Try these tips for getting started when you have limited funds and lots to pay for
Getting started as a saver and investor can be a tricky balancing act. You have bills to pay, student loans to settle, and a career to jump start. You have to create a cash cushion for emergencies at the same time that you are being urged to salt away money for a far-off retirement date. Here’s some smart advice on how set your priorities.
Adapted from “101 Ways to Build Wealth,” by Daniel Bortz, Kara Brandeisky, Paul J. Lim, and Taylor Tepper, which originally appeared in the May 2015 issue of MONEY magazine.
Even if this means paying off debt more slowly. The money can cover surprises like car repairs. Once you’ve hit that point, says financial planner Matt Becker, focus on the next goal: six months of expenses, to cover you should you lose a job.
Until you have six months’ liquid savings (see No. 1), investing isn’t a top priority. But you should put enough into a 401(k) to get an employer match. To partly reconcile the two goals, hold some less risky fare like bonds, says Lillian Wu of Research Affiliates. With taxes and penalties, cashing out a 401(k) is a last resort. But if you’re forced to do it, it’s better to have some safe money.
Getting going on a 401(k) can feel like jumping into the deep end. How much in stock funds? What about bonds? But early on, saving at all matters more than picking the best mix. Say you put away 6% of your pay, with a 3% match, starting at 25. For 10 years you earn a lousy 2%, and then adjust your portfolio so that you earn 6% for the next 30 years. That wobbly first decade will still have added 47% to your total wealth by age 65.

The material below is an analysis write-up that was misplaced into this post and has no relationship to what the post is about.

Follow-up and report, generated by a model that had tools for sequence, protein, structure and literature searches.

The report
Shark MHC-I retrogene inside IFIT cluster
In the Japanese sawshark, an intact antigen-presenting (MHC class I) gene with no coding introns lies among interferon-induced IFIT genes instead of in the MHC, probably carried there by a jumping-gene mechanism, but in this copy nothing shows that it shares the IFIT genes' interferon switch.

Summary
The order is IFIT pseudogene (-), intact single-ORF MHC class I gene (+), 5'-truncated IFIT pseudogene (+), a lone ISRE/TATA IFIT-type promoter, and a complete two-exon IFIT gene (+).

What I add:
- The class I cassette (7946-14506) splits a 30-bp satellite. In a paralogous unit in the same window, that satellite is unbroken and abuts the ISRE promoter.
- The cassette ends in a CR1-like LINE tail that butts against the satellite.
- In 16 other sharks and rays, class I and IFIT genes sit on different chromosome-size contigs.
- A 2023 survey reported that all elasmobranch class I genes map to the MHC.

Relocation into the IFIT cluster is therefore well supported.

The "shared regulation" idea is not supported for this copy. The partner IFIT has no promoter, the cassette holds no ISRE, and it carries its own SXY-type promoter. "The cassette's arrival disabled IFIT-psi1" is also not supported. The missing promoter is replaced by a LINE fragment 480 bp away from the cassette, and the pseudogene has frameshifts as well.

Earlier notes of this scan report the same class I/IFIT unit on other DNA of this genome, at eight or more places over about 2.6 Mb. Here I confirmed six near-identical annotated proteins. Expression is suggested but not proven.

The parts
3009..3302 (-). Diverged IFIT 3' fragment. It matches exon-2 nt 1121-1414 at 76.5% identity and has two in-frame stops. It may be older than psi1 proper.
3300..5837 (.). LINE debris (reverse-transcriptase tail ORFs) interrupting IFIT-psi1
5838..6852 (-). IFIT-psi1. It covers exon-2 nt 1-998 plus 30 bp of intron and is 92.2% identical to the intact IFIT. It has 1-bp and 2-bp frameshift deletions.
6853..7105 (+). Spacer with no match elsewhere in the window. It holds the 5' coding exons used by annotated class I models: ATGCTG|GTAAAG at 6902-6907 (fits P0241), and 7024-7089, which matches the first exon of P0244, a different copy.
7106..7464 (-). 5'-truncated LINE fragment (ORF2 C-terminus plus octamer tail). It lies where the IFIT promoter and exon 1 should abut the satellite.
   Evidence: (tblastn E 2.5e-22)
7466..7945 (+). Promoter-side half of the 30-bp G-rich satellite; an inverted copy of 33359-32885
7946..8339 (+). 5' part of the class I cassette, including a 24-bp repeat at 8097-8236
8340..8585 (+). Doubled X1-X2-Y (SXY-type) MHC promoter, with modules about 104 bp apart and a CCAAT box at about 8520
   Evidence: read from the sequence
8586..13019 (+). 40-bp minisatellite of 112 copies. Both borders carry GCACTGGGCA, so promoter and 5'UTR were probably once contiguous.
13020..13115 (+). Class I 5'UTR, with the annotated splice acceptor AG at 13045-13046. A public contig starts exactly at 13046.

Zillow.com says these metros offer job growth above the median 1.3% and homes for less than the typical 2.9 times income:
Atlanta: Home to HQs of Fortune 500 companies including Coca-Cola and the United Parcel Service
Job Growth: 2.4% Housing Cost: 2.7 x income
Indianapolis: Metro boasts another Best Place: walkable, arts-rich Carmel.
Job Growth: 2% Housing Cost: 2.4 x income
Reducing small expenses can’t hurt, but housing is where you can save real money when you’re young. Rent on a two-bedroom, with a roommate, can be 44% less than for a one-bedroom alone, according to Apartment List data.
Economists at the Federal Reserve Bank of New York have found that most Americans get their biggest raises during their first decade in the workforce. So lay the groundwork for wage growth early. Don’t be afraid to shell out some money for a business communication class, technology training, or an additional job certification, says Michael Kitces, co-founder of XY Planning Network, a group of planners with Gen X and Y clients. A $500 class that leads to a promotion and raise could pay off in compounding returns throughout your career, as future raises build on top of your higher base wage. “It may literally be the single greatest investment you can make,” says Kitces.